Brandon Alsept has accomplished a lot in his ’98 Mustang in his ten years in the NMRA and in his one year in the NMCA.
After earning G-Force Racing Transmissions Pure Street championships in ’08 and ’11, and a Mean Street championship in ’12, he climbed into friend and fellow racer Derek Kernodle’s ’96 Mustang, turned his focus to Race Pages Coyote Stock in ’13 and ’14 and ran to a few semifinals and a 10.32 on the rev limiter.
Back in his own car, which is powered by a Coyote engine and Tremec TKO by Liberty’s, he went for more Coyote Stock in ‘15, and spent much of the season sorting out his tune. While his efforts in the tough as nails class were paying off and he had so far in ’16 posted a best of 10.52 and earned a semifinal finish, he’s switching things up by taking his car to American Racing Headers Factory Stock beginning with the 11th Annual Nitto Tire NMRA/NMCA Super Bowl of Street legal Drag Racing, July 28–31, 2016, at Route 66 Raceway in Joliet, Illinois.
“Things have been going so-so in Coyote Stock, but I made the decision to move to Factory Stock after the recent rules changes in Coyote Stock,” said Alsept, who ran American Racing Headers Factory Stock for a few races in ’04. “It will be the easiest class to transition to considering I have a sealed Coyote engine, so I’ll run it for the rest of this season, and weigh my options in the off-season.”
The change in classes comes with changes to Alsept’s program, as he will have to add 250 pounds to his car to bring it to the 3250 pound minimum weight, and he’ll roll on drag radials rather than slicks. He’s also confident that he’ll have to explore different suspension and ACT clutch set-ups, but will have help in that area from his crew, including multi-time Factory Stock champion Matt Amrine, Chuck Carter and Matt Callihan.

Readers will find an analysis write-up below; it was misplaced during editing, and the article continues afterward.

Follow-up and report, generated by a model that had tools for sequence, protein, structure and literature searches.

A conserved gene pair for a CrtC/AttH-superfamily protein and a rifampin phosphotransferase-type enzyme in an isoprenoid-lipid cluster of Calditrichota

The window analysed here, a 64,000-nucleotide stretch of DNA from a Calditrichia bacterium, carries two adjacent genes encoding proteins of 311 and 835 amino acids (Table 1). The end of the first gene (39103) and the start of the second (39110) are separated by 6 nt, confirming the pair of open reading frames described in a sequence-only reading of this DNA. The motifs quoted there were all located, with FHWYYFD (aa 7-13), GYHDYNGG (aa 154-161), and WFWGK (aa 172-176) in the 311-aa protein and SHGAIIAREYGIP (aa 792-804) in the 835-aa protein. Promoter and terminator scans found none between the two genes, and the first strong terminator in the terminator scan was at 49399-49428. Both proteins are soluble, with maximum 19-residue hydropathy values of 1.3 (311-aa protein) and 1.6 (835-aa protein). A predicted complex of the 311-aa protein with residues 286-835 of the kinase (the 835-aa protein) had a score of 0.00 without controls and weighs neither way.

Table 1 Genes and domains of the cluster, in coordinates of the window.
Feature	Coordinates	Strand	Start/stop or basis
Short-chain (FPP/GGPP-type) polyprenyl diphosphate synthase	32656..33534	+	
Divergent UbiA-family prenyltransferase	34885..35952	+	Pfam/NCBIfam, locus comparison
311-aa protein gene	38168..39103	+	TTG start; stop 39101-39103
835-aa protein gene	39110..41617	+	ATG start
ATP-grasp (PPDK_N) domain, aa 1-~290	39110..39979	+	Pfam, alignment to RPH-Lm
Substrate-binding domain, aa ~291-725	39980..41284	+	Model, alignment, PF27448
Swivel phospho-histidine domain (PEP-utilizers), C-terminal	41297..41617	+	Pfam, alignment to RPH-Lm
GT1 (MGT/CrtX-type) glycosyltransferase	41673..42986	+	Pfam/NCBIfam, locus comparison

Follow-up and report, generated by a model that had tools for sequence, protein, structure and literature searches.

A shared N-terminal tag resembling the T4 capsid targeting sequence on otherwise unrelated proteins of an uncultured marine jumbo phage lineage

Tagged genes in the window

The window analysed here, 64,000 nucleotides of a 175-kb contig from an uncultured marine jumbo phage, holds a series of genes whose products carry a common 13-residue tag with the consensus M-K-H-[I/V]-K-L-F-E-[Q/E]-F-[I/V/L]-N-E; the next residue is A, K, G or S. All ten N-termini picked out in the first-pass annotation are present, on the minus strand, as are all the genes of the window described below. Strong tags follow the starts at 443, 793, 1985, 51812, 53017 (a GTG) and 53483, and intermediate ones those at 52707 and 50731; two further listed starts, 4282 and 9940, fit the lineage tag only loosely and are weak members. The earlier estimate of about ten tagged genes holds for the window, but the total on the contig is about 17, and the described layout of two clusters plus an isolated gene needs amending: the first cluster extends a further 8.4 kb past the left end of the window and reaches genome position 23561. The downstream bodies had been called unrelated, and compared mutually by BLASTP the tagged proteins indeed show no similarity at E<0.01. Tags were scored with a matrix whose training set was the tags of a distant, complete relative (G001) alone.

“We have a lot of time and expense in Matt’s Factory Stock car, so we’ll probably lean on his data to help give me a starting point,” said Alsept, of Cincinnati, Ohio. “We’ll also rely on HP Tuners to help change the tune to get away from the sealed engine tune and go to a custom tune.”
While Alsept won’t share what elapsed-time and mph he has his sights set on, he will say that he’s looking to pick up a little power to help offset the 250 pounds he has to add, and that he hopes to eventually run toward the top of the class, where the current records are the 10.619 held by James Meredith and the 126.64 mph held by Michael Washington.
“I’d like to say that everything will fall together for us right away, but that never happens,” said Alsept. “It will take time, but we’ll get there.”